Debussy’s new string quartet received a very cool reception at its première in Paris in December 1893, performed by the famous Quatuor Ysaÿe. The critics were upset by its unusual harmonies and orchestral sounds, and the musicians who were later presented with it considered it “unplayable”. Nevertheless the work was able to establish itself in the years that followed and today belongs to the core chamber music repertoire. The work was published in 1894 as “1er Quatuor”; showing that the composer was at least toying with the idea of writing another such work at this time – yet he never did fulfil this promise.
- String Quartet
Claude Debussy’s (1862 –1918) sole string quartet was published under the title 1er Quatuor pour 2 Violons, Alto et Violoncelle in 1894 by the Paris publisher A. Durand & Fils as the first in a long series of works. The fictitious opus number 10 assigned to the Quartet is probably to be understood as a reminder to the public of Debussy’s past as a composer, for only a few … 続き
Most important French composer around 1900, whose music, primarily characterized by its sound, exhibits profound innovations. His oeuvre bears a close relationship to Symbolism.
|1862||Born in Saint-Germain-en-Laye on August 22.|
|1872–84||Studies at the Conservatoire de Paris. During this time, he travels with the family of Nadezhda von Meck to Switzerland, Italy, Vienna, and Russia, where he becomes acquainted with Russian and Gypsy music.|
|1884||Wins the Prix de Rome with his cantata “L’Enfant prodigue.” Thereafter resides in Rome until 1887.|
|1887–89||Songs, “Cinq Poèmes de Baudelaire.”|
|1888/89||Visit to the Bayreuth Festival; criticism of Wagner.|
|1889||Exposition universelle (World Exposition) in Paris, where he learns about East Asian music, which influences his style.|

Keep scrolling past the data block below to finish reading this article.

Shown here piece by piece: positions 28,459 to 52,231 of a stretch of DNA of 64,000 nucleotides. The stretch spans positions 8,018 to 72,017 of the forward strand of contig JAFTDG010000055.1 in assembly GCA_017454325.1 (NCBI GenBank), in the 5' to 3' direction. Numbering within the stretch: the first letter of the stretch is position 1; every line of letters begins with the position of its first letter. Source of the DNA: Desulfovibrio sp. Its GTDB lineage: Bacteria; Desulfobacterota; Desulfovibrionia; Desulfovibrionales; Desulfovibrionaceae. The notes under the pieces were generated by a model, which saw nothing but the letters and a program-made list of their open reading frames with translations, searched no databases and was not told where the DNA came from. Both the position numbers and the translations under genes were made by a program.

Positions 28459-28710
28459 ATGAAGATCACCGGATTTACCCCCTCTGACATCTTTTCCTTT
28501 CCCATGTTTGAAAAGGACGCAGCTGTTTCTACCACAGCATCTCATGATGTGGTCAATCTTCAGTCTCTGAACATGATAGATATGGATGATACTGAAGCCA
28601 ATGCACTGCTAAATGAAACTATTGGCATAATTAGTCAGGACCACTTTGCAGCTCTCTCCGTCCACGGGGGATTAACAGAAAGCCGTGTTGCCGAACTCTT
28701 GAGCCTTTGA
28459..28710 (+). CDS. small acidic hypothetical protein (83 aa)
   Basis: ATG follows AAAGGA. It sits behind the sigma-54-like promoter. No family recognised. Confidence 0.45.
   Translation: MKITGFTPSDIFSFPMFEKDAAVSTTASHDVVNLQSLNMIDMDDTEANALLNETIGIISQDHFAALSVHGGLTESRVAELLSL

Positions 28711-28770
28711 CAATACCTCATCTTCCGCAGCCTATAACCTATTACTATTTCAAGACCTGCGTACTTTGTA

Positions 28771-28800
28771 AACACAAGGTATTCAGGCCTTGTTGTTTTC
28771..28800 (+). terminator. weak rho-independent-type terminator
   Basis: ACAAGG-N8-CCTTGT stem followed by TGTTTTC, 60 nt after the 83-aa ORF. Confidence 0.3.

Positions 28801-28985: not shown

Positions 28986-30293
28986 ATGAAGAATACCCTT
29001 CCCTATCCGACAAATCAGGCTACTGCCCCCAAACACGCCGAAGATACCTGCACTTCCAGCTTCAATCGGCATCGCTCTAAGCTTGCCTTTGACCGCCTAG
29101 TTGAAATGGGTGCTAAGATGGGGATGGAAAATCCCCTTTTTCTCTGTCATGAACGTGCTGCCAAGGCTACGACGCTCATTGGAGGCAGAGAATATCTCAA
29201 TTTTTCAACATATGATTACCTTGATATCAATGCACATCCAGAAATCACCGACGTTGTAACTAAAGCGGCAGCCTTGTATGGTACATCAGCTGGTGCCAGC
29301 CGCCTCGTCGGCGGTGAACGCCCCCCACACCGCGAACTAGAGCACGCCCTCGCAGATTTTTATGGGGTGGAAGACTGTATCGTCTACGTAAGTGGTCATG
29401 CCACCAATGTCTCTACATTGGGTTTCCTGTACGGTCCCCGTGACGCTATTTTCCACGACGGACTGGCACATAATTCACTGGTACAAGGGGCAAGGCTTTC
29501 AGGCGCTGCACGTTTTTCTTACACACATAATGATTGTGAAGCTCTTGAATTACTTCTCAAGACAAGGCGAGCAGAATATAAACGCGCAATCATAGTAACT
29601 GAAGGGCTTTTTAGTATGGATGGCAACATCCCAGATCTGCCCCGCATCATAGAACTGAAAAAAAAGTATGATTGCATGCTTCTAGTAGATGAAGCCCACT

|1890||Connection to Mallarmé and his circle.|
|1891/1903||Series of songs, “Fêtes galantes,” after Verlaine.|
|1891–94||Orchestral work “Prélude à l’après-midi d’un faune” (“Prelude to the Afternoon of a Faun”) with arabesque-like melodies.|
|1897–99||Nocturnes for orchestra and women’s voices.|
|1901||Beginning of his activity as a music critic.|
|1902||Performance of the opera “Pelléas et Mélisande” after the Symbolist drama by Maeterlinck, which despite criticism spells his breakthrough.|
|1903–05||Orchestral work “La Mer” uses symphonic principles and “Impressionist” tonal language.|
|1905–07||Books one and two of “Images” for piano.|
|1906–08||“Children’s Corner,” children’s pieces for piano.|
|1909–10/11–1913||Books one and two of the “Préludes” for piano; the programmatic titles of these character pieces, some of which are quite esoteric, are listed at the end of each one.|
|1913||Songs “Trois poèmes de Stéphane Mallarmé.”|
|1915–17||Chamber music sonatas, drawing from the French tradition of the eighteenth century.|
|1918||Death in Paris on March 25.|
To round off a brilliant and totally informative edition of a wonderful piece of string quartet writing, there is also a comprehensive translation of tempo and expression marks in all three languages - very useful, and not just for Debussy!